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Asset Protection in Williamsburg, Virginia




Asset protection

In April 2012, Governor Bob McDonnell signed Senate
Bill 11 which expanded the types of trust that are permitted to Virginia residents.   This meant that Virginia became one of only thirteenth
states in the union that permit what has come to be known as the “self-settled
domestic asset protection trusts (or DAPT).  

‘Self-settled’ because it is the
Trustmaker’s assets that are transferred to the trust; ‘domestic’ because it is
established under state law; it used to be that you had to go outside of the
U.S. to create such a trust; and, ‘asset protections’ because the primary
purpose of these trust is to do just that, provide protection for any asset
which the Trustmaker transfers to this DAPT. 
The most significant feature of this trust, and the new law supports
this, is the fact that these new Virginia
statutes will allow a Trustmaker to establish an irrevocable trust of which the
Trustmaker is a beneficiary and will also provide spendthrift protection
against claims from the Trustmaker’s creditors.

Generally, a Trustmaker establishes an irrevocable trust
to minimize the Trustmaker’s taxable estate or protect the Trustmaker’s assets
from claims from the Trustmaker’s creditors. However, only under very rare
occasions can the Trustmaker be the beneficiary of the irrevocable trust. These
rare occasions and lack of control make irrevocable trusts less attractive to
most potential Trustmakers. Virginia’s
new law makes it much more desirable to a DAPT.

Virginia’s new trust code language
is similar to the domestic asset protection trust legislation in the other
twelve states by permitting the creation of “qualified self-settled
spendthrift” trusts. The requirements to create a Virginia DAPT, include:

  • The trust must be irrevocable;
  • The Trustmaker is only entitled to discretionary distributions of income
    and principal;
  • The transfer cannot be for fraudulent reasons; and
  • Requirements that connect the trust to the Commonwealth of Virginia, like a
    Virginia trustee who maintains custody within Virginia of some or all of the trust
    property, maintains records in Virginia, prepares Virginia fiduciary income tax
    returns, or otherwise materially participates within Virginia in the
    administration of the trust.

While much of the Virginia
legislation is similar to the other states, Virginia’s DAPT legislation does have
several unique aspects to it.

  1. Virginia provides for a five-year
    period from the creation of the trust to allow creditors to make claims against
    the trust. This “claiming” period is longer in Virginia than the other states.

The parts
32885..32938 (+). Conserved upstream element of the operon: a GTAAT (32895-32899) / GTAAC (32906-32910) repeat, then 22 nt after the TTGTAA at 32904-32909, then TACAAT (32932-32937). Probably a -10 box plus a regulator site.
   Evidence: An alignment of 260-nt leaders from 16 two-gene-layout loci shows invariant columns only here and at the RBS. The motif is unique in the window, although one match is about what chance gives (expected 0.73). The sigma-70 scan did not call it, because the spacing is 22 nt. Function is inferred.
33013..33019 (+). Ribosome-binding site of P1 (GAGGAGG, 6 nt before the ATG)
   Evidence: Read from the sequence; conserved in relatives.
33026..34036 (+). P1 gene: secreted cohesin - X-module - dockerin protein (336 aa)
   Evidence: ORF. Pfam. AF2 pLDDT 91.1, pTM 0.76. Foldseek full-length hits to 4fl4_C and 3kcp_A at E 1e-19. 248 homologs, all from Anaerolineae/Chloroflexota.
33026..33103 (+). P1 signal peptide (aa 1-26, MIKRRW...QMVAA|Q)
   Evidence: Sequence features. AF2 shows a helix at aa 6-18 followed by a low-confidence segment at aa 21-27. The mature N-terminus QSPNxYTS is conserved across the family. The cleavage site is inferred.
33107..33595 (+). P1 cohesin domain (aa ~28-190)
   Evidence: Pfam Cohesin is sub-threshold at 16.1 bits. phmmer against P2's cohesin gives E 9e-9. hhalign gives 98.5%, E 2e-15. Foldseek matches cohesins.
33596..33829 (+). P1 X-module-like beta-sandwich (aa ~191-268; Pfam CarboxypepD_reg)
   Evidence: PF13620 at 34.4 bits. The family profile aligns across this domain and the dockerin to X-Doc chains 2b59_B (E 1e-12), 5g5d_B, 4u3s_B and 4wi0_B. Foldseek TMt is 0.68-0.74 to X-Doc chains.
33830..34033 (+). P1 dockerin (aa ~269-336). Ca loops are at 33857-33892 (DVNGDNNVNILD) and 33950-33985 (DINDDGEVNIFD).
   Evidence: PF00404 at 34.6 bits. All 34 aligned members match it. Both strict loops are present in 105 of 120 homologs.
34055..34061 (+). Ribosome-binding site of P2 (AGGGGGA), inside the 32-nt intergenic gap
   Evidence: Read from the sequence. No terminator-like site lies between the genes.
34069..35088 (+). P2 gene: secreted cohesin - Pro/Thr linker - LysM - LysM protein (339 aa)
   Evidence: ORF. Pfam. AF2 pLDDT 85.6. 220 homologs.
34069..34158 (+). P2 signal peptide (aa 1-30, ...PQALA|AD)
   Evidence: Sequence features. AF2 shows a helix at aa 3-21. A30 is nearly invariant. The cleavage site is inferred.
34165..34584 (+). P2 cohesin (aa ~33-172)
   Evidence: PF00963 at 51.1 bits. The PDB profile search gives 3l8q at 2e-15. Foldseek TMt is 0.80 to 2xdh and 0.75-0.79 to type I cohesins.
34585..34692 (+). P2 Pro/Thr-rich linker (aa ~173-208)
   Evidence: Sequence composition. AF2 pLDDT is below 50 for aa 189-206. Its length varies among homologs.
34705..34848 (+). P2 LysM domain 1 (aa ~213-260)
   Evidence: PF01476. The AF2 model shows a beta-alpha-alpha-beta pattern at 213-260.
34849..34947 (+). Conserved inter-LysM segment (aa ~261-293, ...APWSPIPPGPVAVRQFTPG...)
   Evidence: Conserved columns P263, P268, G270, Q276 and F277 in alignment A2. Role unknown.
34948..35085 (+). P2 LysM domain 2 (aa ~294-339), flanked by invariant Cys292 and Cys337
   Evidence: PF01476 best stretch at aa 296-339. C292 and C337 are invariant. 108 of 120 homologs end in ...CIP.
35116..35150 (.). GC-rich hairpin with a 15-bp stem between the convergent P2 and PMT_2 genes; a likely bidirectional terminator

2. Unlike the other states, a Trustmaker in Virginia may not retain a veto power over
    distributions.
  3. The person or entity who approves distributions must be a qualified trustee
    and, for Virginia,
    that means an independent trustee. That will exclude spouses, descendants,
    siblings, parents, employees, and entities wherein the Trustmaker controls
    thirty percent (30%) of the vote from being the trustee. Other states are less
    restrictive on the relationship of the person that can approve distributions.
  4. Only the income and principal from the trust is protected from creditor’s
    claims. Other assets in the Virginia
    self-settled spendthrift trust might not be protected from the claims of
    creditors.

Regardless, a self-settled spendthrift trust or DAPT in Virginia might be an
appropriate mechanism for those in the right circumstances.

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We've been putting together as many resources as possible so that we can continue to help:

  • If you’re a current client with a signing appointment or a prospective client with a consultation and would prefer that meeting take place in your own home, we can accomplish that with a little bit of pre-planning on our part and with the addition of a laptop, smartphone, tablet or other computer in your home to facilitate this virtual meeting. For those of you that need to sign legal documents, that too can be accomplished with the use of a webcam (FaceTime etc.), so that we can witness and electronically notarize all of your important legal documents.
  • We launched the rollout of our on-demand webinar early so that new clients and our allied professionals can view the important component parts of ‘an estate plan that works’ at their convenience.  That is available on our website.
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  • The best way to communicate with us is still by phone during regular office hours of 8:30 to 5:00, Monday through Friday, or, you can email any of our team members (that is, their first name followed by @zarembalaw.com).  We will respond to these emails as quickly as possible.
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Thank you, Walt and the Zaremba Team

Coronavirus/Covid-19
Update to our Process

The unprecedented coronavirus pandemic has taken our entire country by surprise. We understand how difficult this time is for America’s businesses and families.  However, we believe it is vitally important that we make every effort possible to continue to offer solutions that avoid disrupting our important partnership with you, your family and friends.  As you know, estate planning is not something that should wait for a more convenient time, therefore the opportunity to address your important goals both during and after this crisis should not wait.  To that end, we have added the option of a ‘virtual consultation’ to our office process.  You will now have a choice of either meeting with us in our office or in the comfort of your own home.